Since the first release of Project Indiana last year, a number of people have been working toward making ON development possible. In April, Liane Praza made the `osnet' package available in the /dev repository along with updated instructions on the Project Indiana project site. With the release of a number of missing packages to the /extras repository earlier this year and a little elbow grease it is now possible to build ON from within Project Indiana with no need to install auxiliary packages from SXCE.

Unfortunately the `osnet' package is only available from the /dev repository which leaves those following /release out in the cold. Also, `osnet' is a one-size-fits-all solution to dealing with ON dependencies; everything is installed unconditionally (even some of the heavier bits, such as both versions of Apache, and PostgreSQL).

Since I spend about 99.9% of my time hacking in uts, I wanted a lighter-weight solution.

There are a number of caveats to using a build environment such as this; some obvious, some not:

  • Be aware that you can build any version of ON which supports the dependencies available in /release.

  • If you plan to do more than just build kernel modules, built modules should match the installed kernel version.

  • An snv_108 (or greater) host is required to avoid Bug 6798733; It's worth mentioning that Edward Pilatowicz has posted a workaround for builds prior to snv_108.
In my case, I was creating up a build environment within a zone. If you wish to do the same, you must ensure that the SUNWcar and SUNWkvm packages are installed:
% pfexec pkg install SUNWcar SUNWkvm
The following packages are required at a minimum to build uts:
% pfexec pkg install SUNWperl584usr SUNWperl-xml-parser SUNWhea SUNWsprot \
  SUNWbtool SUNWtss SUNWgcc
If you happen to be outside of the Sun firewall, you will also want to install Mercurial and wget. For the remainder of this post, it is assumed that this is the case:
% pfexec pkg install SUNWmercurial SUNWwget
Unfortunately SUNWonbld is only made available as an IPS package in the /dev repository. If you prefer to use a local install for day-to-day development, you will need to install SVR4 packaging support and download the SUNWonbld package from the OpenSolaris Download Center. If you only intend to use nightly(1), then this step may be skipped safely.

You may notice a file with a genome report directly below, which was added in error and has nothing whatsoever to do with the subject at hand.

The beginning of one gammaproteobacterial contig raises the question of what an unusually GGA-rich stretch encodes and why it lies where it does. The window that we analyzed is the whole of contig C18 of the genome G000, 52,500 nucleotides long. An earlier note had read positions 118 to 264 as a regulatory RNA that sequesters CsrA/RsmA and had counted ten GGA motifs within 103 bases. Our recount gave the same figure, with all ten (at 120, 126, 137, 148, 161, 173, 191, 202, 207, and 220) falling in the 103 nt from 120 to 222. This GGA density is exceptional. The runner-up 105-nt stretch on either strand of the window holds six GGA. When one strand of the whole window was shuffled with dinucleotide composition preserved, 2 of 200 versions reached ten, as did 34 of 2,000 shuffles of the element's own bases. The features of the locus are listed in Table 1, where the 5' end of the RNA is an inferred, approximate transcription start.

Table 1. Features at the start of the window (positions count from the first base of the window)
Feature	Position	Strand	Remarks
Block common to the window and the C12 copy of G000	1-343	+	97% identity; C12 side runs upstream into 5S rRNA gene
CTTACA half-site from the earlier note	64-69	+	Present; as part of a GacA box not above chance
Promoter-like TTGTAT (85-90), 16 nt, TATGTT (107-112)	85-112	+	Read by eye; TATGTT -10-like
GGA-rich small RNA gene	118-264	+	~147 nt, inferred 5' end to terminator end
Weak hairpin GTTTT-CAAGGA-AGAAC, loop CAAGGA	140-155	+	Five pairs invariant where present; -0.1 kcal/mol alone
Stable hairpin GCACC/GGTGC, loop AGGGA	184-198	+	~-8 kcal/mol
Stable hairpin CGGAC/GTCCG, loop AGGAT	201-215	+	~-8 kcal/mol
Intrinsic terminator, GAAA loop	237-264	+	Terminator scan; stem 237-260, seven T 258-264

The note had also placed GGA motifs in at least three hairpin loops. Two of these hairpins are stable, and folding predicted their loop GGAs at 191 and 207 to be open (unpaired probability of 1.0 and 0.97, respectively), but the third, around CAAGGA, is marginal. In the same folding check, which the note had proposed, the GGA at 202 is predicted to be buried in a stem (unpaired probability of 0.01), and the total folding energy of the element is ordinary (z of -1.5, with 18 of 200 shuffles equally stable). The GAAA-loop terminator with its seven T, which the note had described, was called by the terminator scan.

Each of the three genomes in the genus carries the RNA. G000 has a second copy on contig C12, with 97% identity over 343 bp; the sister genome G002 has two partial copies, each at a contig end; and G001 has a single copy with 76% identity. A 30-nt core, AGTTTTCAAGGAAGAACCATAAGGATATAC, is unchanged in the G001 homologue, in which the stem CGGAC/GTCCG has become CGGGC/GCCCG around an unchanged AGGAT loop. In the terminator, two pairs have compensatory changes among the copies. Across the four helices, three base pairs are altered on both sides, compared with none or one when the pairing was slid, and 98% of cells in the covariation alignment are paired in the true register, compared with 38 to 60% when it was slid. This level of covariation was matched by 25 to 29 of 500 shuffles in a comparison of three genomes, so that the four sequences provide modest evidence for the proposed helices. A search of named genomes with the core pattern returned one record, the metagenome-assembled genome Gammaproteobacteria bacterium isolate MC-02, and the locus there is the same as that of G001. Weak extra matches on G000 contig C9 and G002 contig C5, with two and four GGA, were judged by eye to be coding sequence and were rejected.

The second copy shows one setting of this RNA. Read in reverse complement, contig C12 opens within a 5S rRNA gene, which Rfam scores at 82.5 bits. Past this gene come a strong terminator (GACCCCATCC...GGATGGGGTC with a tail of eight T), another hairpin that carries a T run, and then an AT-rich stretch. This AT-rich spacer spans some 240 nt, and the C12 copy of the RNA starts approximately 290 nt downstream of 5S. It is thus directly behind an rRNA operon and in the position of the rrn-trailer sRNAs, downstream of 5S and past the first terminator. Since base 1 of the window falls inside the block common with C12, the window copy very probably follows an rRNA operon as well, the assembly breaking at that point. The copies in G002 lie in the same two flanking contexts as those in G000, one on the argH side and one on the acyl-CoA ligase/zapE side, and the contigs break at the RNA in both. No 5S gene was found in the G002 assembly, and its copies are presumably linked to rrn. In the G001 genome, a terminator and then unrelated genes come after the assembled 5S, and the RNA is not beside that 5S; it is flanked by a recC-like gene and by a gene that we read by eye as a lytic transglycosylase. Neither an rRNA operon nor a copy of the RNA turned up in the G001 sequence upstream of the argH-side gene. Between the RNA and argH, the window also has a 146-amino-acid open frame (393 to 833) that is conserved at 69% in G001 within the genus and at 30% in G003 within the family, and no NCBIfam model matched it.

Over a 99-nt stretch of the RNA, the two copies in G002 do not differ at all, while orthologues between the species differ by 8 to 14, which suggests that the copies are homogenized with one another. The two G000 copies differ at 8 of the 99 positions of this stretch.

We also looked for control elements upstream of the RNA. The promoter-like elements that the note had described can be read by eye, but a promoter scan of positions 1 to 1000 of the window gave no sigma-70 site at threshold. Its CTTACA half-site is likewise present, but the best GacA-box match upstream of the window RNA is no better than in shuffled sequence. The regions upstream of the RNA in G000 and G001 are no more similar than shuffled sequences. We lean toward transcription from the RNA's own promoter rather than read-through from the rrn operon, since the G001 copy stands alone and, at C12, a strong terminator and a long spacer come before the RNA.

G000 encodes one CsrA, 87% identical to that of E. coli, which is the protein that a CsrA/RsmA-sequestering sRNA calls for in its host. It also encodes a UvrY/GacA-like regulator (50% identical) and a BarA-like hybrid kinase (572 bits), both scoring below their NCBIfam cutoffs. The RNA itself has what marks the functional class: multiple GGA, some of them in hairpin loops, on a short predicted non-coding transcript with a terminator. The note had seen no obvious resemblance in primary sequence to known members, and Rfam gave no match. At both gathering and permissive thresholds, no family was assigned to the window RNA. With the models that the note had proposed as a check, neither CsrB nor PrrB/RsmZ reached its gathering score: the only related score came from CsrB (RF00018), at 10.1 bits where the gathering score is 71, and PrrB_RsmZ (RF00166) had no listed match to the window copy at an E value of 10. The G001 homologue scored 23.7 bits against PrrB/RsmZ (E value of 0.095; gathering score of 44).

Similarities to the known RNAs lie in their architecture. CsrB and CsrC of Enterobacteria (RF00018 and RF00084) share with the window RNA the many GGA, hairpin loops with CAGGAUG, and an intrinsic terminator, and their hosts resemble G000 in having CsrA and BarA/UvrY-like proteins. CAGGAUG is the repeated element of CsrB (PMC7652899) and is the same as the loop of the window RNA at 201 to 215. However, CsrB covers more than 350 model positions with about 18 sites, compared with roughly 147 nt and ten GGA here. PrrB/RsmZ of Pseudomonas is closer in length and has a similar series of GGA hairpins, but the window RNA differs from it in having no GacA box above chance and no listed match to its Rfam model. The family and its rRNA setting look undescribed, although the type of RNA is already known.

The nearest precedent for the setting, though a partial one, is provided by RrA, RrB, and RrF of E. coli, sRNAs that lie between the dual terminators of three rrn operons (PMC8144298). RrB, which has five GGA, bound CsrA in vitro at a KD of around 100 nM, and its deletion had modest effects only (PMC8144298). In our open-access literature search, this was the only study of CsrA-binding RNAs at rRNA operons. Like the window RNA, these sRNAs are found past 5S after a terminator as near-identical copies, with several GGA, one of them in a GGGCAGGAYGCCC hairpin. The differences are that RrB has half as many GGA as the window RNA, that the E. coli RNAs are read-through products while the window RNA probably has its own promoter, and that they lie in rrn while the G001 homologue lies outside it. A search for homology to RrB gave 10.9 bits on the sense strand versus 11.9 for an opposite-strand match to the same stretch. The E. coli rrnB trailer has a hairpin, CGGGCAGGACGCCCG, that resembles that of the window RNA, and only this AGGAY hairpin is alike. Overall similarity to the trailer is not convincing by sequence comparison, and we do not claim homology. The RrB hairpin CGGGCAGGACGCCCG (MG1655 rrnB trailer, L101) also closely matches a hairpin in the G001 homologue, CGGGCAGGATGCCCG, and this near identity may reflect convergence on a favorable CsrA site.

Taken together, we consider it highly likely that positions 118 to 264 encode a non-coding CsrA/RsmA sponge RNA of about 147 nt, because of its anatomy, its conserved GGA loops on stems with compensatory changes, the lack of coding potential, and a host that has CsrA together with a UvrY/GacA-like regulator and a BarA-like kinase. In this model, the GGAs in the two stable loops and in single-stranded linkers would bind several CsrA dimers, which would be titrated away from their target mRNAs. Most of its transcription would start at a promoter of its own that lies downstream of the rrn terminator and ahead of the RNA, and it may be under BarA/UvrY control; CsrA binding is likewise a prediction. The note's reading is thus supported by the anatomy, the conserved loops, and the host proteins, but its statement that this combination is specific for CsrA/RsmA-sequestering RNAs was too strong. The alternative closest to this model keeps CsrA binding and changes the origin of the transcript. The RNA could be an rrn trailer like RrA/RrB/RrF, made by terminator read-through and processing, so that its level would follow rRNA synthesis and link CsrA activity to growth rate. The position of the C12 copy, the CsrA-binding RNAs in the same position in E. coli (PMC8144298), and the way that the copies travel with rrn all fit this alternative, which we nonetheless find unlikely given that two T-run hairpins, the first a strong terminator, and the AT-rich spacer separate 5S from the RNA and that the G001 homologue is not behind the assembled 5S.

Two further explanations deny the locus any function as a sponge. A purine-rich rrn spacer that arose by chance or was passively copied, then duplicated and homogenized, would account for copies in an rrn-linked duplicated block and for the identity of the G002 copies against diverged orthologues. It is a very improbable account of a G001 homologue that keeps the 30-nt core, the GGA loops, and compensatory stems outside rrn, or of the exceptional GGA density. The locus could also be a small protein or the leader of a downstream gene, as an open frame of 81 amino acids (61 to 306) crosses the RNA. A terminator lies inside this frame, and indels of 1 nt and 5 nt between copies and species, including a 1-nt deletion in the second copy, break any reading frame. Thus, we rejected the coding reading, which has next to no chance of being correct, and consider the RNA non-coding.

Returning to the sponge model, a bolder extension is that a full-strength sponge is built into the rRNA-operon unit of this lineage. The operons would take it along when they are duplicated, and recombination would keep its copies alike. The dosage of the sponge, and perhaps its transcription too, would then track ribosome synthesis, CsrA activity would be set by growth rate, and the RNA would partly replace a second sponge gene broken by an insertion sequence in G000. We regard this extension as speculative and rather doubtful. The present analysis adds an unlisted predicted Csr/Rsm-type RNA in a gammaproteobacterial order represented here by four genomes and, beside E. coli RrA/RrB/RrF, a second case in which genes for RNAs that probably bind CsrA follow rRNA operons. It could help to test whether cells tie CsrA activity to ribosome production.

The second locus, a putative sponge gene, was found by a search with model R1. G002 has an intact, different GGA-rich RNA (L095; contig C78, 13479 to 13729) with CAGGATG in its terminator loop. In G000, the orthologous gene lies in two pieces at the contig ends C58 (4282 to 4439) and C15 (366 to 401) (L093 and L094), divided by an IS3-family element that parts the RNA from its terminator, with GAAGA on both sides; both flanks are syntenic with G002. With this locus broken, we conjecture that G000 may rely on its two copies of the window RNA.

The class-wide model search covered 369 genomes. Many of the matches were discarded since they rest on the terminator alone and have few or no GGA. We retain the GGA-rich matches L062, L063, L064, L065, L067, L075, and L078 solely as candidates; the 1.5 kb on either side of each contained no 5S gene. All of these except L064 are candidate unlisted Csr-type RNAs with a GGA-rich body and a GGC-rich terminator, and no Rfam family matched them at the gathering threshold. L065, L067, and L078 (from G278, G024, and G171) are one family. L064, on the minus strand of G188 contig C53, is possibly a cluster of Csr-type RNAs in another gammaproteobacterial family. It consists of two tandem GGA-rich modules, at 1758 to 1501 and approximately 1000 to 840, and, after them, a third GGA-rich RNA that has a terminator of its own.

% pfexec pkg install SUNWpkgcmds
% cd /var/tmp; wget http://dlc.sun.com/osol/on/downloads/current/SUNWonbld.i386.tar.bz2
% bzcat SUNWonbld.i386.tar.bz2 | tar xf -
% pfexec pkgadd -d onbld SUNWonbld
Update: It appears that SUNWonbld is now available as an IPS package in the /release repository.

You will need to download and install the Sun Studio 12 tarball provided by the Tools Community. Also, you must ensure that /opt/SUNWspro points to your Sun Studio install. Please, please do not attempt to build uts with Sun Studio Express - you will not be pleasantly surprised.
% mkdir -p /opt/SunStudio12; cd /opt/SunStudio12
% gzcat sunstudio12-ii-20081010-sol-x86.tar.gz | tar xf -
% ln -sf /opt/SunStudio12 /opt/SUNWspro
At this point you should update your PATH; this is absolutely critical. If your PATH is not setup correctly, uts may fail to build. If you did not install SUNWonbld locally (see above), then you may drop the first two paths below:
% PATH=/opt/onbld/bin:/opt/onbld/bin/`uname -p`:\
  /opt/SUNWspro/bin:/usr/bin:/usr/sbin:/usr/ccs/bin; export PATH
At this point, you are ready to clone the onnv-gate:
% hg clone ssh://anon@hg.opensolaris.org/hg/onnv/onnv-gate
Change your working directory to the freshly cloned gate, then download and unpack the closed binaries from the OpenSolaris Download Center:
% wget http://dlc.sun.com/osol/on/downloads/current/on-closed-bins.i386.tar.bz2
% bzcat on-closed-bins.i386.tar.bz2 | tar xf -
You will also need to copy and edit opensolaris.sh. Pay especial attention to GATE, CODEMGR_WS, and STAFFER. Don't forget to remove 't' from NIGHTLY_OPTIONS if you have SUNWonbld installed locally. I typically alter maxjobs() to a more reasonable value - the default tends to be a little aggressive on a shared system.
% cd onnv-gate; cp usr/src/tools/env/opensolaris.sh .
% vi opensolaris.sh
Finally, issue bldenv(1) to setup your build environment. If you downloaded the debug closed bins, make sure that you pass -d for a debug build:
% bldenv -d opensolaris.sh
Building the Kernel
At this point, building the kernel is pretty straightforward. In order to keep dmake from complaining on each invocation, you will want to set the DMAKE_MODE environment variable if you have not already done so in your .dmakerc:
% DMAKE_MODE=parallel; export DMAKE_MODE
If the SUNWonbld package was not installed earlier (see above), or you prefer to use the tools provided in the gate, you will need to install them first:
% cd $SRC/tools; dmake install
Once the build tools are available, you will need to issue a `dmake setup' from the top level source directory:
% cd $SRC; dmake setup
At this point you are free to build uts:
% cd $SRC/uts; dmake all
As always, YMMV.